The very first picture that appears in Tod Papageorge’s Dr. Blankman’s New York shows a pair of storefronts: a florist, and the titular Dr. S. H. Blankman Optometrist, who offers (small print) Contact Lenses, and, in larger print than his name, claims “EYES EXAMINED.”

Ok. Ok. I’m not that dense. 1) this echoes the opener of Walker Evans’ American Pictures, with its photo studio, but clearly isn’t interested in showing us, well, us, and instead, 2) perhaps wants us to wonder what, exactly, we’re supposed to be looking at…

These lovely photographs, well composed, nicely seen, and (many years later) expertly selected and ordered, didn’t help Papageorge land any commercial work back in the day, and instead sat in some boxes or binders or whatever until 2017, when Steidl put out this book. In the interim, Papageorge had a long career as an educator and theorist, with a few notable photography projects under his belt, mostly in black & white, and mostly made in the decade or two after the Dr. Blankman’s photographs were made.

I became aware of Papageorge quite awhile ago, and kept an eye out for a book of his photographs without success. I picked up a copy of Core Curriculum at a Half Price Books or maybe Recycled Records (Denton, TX) and kept it at work for a couple of years to read on the lunch breaks that I never took… Shame on me: in 5 or 6 years, I’ve made it maybe 1/4 of the way through and don’t remember any of it.

Anyway.

So after 50 years and a successful career, Papageorge found the slides, made his selections and an early maquette that found its way to Steidl , David Campany got drafted in to write an excellent and lovely Afterword, and *poof, the long-set-aside, if not completely forgotten, Kodachromes found publication. And I, having kept my eyes open for a photobook by Papageorge for several years, jumped on it.

As late 1960s street photography, it’s sorta different. There are some incredible gestures: a cabbie adjusts the meter and a large hand plucks a cigarette from a pack in a billboard on a passing bus, the hand holding the wheel echoes the hand holding the pack of Newports; a ghostly hand making the “thumbs up” gesture combines with a reflection to point at a man’s smiling/curious/surprised face, which is perched on top of the reflection of Papageorge’s torso and legs in a cafe window; a young woman with a yellow flag (that looks like a precursor to Christo & Jeanne-Claude’s Gates) forming a perfect backdrop for her face and mod haircut, munches a flower while the young man who hold a similar flower lackadaisically reads the paper. For the most part, it’s really a book of Capital-S, Capital-P Street Photography par excellence.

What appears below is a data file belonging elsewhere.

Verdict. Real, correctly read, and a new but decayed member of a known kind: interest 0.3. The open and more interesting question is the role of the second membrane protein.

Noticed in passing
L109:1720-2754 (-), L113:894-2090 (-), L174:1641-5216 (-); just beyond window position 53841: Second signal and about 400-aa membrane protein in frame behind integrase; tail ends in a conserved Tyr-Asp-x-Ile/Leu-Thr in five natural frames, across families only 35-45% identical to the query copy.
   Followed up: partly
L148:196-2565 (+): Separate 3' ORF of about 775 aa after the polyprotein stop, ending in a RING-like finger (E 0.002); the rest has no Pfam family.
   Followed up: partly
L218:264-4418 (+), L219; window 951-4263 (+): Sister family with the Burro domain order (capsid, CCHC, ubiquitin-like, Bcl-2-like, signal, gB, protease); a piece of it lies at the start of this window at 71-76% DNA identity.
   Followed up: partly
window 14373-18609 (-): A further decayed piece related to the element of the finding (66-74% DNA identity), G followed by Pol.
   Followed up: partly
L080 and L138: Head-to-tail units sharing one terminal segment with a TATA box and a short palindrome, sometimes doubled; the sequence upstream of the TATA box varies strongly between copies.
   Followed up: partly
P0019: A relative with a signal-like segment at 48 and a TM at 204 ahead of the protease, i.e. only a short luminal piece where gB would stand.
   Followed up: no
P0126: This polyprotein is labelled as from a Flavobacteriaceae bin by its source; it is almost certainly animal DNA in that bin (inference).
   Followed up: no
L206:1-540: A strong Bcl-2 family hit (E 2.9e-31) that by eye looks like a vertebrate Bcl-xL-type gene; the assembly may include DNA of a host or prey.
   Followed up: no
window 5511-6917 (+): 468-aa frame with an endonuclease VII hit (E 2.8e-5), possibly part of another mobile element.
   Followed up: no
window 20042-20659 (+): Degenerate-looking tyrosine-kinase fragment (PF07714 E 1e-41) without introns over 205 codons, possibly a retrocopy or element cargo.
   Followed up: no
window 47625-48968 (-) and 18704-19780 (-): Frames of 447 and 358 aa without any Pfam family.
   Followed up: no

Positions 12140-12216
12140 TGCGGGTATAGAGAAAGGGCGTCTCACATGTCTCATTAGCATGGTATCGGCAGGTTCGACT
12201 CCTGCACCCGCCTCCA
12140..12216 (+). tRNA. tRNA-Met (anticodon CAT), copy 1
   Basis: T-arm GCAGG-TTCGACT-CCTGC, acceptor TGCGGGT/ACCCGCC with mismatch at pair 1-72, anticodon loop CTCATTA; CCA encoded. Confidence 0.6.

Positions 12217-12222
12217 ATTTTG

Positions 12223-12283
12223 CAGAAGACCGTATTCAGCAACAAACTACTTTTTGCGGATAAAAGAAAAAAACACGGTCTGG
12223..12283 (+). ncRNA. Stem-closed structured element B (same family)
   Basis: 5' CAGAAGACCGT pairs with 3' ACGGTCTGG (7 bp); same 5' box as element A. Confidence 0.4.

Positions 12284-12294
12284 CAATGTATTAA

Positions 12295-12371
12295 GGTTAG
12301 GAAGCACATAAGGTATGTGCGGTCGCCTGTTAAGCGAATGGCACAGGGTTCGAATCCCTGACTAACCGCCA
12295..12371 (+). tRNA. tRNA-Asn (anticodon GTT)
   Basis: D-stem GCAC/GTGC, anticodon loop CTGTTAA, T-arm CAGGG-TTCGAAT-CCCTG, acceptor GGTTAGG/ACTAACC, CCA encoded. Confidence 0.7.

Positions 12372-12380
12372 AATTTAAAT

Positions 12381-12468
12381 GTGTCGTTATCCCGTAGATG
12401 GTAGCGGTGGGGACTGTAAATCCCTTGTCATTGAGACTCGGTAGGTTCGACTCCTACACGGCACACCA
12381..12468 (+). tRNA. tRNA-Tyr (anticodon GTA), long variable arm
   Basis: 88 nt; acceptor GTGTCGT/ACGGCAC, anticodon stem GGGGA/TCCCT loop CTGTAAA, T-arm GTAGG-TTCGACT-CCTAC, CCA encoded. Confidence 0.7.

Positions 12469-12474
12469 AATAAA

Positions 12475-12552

There are a ton of shop windows too, echoing perhaps Walker Evans and maybe prefiguring Stephen Shore, though who knows if Shore was aware of Pappageorge’s work. (Shore shot a bunch of shop windows, especially with his stereo camera, in the 1970s; Papageorge shot everything in Dr. Blankman’s in 1966/67, and only did something with them, as far as I know with this 2017 book.) Some of these shop windows are close to street photography, like a man installing (or removing) a mermaid, carrying her by fin and breast; and, well, the ghostly hand and the grinning head, but they’re mostly more like period pieces. As a sort of time capsule, they’re interesting, and I remember the 5 & dime stores and old grocery stores with flyer & ad-covered windows from my childhood. Few stores look like this now, and the few that do seem, today, to be frozen in time, back to the 80s, 70s, 60s, and it’s rare that I’m somewhere where there are actual window displays in the front of stores: they just don’t much exist in suburbs, and aren’t even too common in southern cities. So there’s a fair amount of historical and NYC curiosity to be had.